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The Dogs of Gore


#1

I bought a back issue of the out of print magazine gorezone today. Not even realizing until i got home there was an article about reservoir dogs in it. I thought i post scans i made of it up here. If you like better full quality full size scans of just hit me up with your screen name in a pm. But these are readable.



Page 1

http://tinypic.com/view.php?pic=2pouybq&s=4



Page 2

http://tinypic.com/view.php?pic=33p8ym1&s=4



Page 3

http://tinypic.com/view.php?pic=9rsgnb&s=4



Page 4

http://tinypic.com/view.php?pic=taspyt&s=4


#2

coo. i’ll put those into The Archives. what’s the issue number of this,d o they have a website, etc?


#3

its issue spring 1993 No. 26. they have a site http://www.gorezone.co.uk/index.html


#4

One thing you notice is that even back then QT was showing how much of a big Grindhouse-Exploitation fan he was. Its not like he just overnight decided to do a Grindhouse flick. That stuff has been part of his movies from the beginning of his career. Its just he started out doing crime movies instead of another kind.



The funny thing is, with Death Proof he totally didnt do a crazy gory movie. Its so light when it comes to that stuff. When you think QT & Horror you’d expect the goriest, sickest horror movie ever made, but he didnt do it that way. Its interesting.



This just made me think of something QT said back in the Charlie Rose interview for Pulp in 1994. Remember when he was talking about DePalma’s Raising Cain and said that he thought it was like DePalma had done all those psychological thrillers and he thought that DePalma wanted to deconstruct what those movies are about. Thus being DePalma’s obvious attempt to NOT satisfy the audience?



Now if you put that on Death Proof, its almost like QT did the same exact thing. Of course he couldve made the most nasty, action filled horror film ever, but he purposely went the other way with it and didnt. Deconstructing what slashers are about instead of just doing Friday The 13th with a car. I think QT did with DP what DePalma did with Cain.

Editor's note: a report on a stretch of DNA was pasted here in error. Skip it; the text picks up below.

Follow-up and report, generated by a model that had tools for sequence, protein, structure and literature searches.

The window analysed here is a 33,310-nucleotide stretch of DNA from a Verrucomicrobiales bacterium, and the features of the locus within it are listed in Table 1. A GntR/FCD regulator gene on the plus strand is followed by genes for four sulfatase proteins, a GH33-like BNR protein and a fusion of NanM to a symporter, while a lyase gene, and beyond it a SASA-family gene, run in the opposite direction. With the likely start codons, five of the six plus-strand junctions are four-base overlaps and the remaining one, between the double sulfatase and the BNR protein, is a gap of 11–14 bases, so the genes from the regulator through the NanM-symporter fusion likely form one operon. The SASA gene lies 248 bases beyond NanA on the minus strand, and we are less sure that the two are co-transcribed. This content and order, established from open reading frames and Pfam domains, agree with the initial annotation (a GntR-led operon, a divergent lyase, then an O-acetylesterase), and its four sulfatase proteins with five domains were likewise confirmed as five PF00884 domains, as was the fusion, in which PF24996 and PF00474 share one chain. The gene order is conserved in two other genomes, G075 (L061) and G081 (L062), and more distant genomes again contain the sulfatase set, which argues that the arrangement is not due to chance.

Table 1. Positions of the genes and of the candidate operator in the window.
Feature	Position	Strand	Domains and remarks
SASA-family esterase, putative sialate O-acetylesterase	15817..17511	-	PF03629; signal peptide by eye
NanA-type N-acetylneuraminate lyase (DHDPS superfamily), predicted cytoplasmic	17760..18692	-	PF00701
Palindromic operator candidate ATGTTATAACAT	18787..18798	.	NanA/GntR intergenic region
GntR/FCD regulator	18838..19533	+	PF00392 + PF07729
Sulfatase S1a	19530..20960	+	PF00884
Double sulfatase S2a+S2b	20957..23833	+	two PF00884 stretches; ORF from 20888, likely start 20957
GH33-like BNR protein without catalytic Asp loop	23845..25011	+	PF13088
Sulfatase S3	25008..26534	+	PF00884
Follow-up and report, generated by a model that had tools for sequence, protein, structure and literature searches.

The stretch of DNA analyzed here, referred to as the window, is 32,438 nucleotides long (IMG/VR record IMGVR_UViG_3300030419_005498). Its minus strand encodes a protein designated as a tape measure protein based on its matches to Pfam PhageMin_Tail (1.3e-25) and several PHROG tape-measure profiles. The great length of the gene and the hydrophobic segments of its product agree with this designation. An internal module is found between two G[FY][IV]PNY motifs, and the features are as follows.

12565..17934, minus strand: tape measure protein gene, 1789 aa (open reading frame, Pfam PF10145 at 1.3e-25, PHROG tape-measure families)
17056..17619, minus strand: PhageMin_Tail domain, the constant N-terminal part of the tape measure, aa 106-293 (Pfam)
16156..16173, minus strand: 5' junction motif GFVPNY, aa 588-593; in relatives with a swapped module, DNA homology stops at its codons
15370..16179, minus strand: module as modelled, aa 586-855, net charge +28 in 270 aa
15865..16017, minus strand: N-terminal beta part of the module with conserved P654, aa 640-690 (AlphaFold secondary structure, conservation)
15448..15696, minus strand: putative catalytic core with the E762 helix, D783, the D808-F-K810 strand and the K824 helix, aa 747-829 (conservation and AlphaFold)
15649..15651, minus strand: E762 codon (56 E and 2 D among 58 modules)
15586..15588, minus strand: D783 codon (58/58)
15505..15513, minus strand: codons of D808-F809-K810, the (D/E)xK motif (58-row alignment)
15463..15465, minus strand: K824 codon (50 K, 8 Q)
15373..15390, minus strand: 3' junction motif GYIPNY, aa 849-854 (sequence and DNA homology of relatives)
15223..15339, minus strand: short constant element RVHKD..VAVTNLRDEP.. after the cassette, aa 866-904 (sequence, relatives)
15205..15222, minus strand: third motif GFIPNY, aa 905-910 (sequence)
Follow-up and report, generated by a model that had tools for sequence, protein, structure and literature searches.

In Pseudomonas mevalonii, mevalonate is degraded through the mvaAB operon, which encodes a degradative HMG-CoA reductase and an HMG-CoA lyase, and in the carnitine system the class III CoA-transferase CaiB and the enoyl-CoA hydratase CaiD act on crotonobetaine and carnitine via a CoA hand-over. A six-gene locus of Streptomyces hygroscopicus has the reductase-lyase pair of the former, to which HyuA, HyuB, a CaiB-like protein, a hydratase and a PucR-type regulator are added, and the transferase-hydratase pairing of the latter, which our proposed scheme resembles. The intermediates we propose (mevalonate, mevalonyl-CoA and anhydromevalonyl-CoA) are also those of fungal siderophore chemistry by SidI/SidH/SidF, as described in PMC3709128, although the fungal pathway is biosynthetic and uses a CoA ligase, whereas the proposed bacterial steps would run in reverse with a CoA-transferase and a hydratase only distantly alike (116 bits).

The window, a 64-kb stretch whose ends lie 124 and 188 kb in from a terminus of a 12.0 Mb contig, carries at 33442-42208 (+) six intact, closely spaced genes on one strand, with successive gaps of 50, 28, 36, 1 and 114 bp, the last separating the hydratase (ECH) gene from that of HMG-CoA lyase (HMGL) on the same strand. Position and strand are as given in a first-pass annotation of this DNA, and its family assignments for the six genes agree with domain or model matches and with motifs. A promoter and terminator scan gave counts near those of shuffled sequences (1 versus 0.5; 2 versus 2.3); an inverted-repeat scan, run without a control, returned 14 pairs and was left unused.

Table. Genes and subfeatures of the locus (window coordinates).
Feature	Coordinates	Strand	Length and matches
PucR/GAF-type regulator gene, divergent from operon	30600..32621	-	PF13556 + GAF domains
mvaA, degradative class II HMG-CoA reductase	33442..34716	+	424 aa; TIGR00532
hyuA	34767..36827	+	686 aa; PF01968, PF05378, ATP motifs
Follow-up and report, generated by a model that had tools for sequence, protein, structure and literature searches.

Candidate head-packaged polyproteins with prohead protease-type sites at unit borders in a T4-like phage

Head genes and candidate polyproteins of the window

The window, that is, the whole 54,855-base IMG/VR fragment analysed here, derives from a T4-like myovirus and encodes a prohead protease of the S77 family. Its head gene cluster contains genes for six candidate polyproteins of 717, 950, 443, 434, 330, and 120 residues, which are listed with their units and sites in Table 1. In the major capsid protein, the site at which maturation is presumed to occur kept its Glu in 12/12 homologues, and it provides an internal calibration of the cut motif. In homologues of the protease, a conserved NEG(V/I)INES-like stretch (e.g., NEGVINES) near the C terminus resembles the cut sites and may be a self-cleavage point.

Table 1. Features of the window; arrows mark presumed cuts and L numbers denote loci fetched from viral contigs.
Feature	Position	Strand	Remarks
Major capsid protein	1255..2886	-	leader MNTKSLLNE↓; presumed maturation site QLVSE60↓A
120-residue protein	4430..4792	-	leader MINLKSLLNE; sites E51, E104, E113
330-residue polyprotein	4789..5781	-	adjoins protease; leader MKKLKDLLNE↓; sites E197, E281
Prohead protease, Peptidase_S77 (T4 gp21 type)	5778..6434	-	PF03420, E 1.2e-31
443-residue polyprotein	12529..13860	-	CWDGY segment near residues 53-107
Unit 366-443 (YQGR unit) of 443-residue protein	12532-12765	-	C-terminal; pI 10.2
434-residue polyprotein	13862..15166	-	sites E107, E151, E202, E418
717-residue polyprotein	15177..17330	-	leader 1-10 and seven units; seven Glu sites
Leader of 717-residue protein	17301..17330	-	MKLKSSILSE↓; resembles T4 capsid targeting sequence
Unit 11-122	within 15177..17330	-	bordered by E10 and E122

Thats why I think its QTs most experimental flick too. As we discussed in the DP topics. It wasnt made to be your standard horror movie. You could call it a “Tarantino Meditation on The Slasher Film”.


#5

true words


#6

[quote=“PutneySwope”]
One thing you notice is that even back then QT was showing how much of a big Grindhouse-Exploitation fan he was. Its not like he just overnight decided to do a Grindhouse flick. That stuff has been part of his movies from the beginning of his career. Its just he started out doing crime movies instead of another kind.



The funny thing is, with Death Proof he totally didnt do a crazy gory movie. Its so light when it comes to that stuff. When you think QT & Horror you’d expect the goriest, sickest horror movie ever made, but he didnt do it that way. Its interesting.



This just made me think of something QT said back in the Charlie Rose interview for Pulp in 1994. Remember when he was talking about DePalma’s Raising Cain and said that he thought it was like DePalma had done all those psychological thrillers and he thought that DePalma wanted to deconstruct what those movies are about. Thus being DePalma’s obvious attempt to NOT satisfy the audience?



Now if you put that on Death Proof, its almost like QT did the same exact thing. Of course he couldve made the most nasty, action filled horror film ever, but he purposely went the other way with it and didnt. Deconstructing what slashers are about instead of just doing Friday The 13th with a car. I think QT did with DP what DePalma did with Cain.



Thats why I think its QTs most experimental flick too. As we discussed in the DP topics. It wasnt made to be your standard horror movie. You could call it a “Tarantino Meditation on The Slasher Film”.
[/quote]

Great point. To be honest with you i don’t think i would be into Tarantino as much if i didn’t watch exploitation movies before. At the time i just knew them as b movies. After watching reservoir dogs I couldn’t believe it was made in the 90s, rather than in the 80s or 70s. The style of all his films are within the grindhouse feel in my opinion.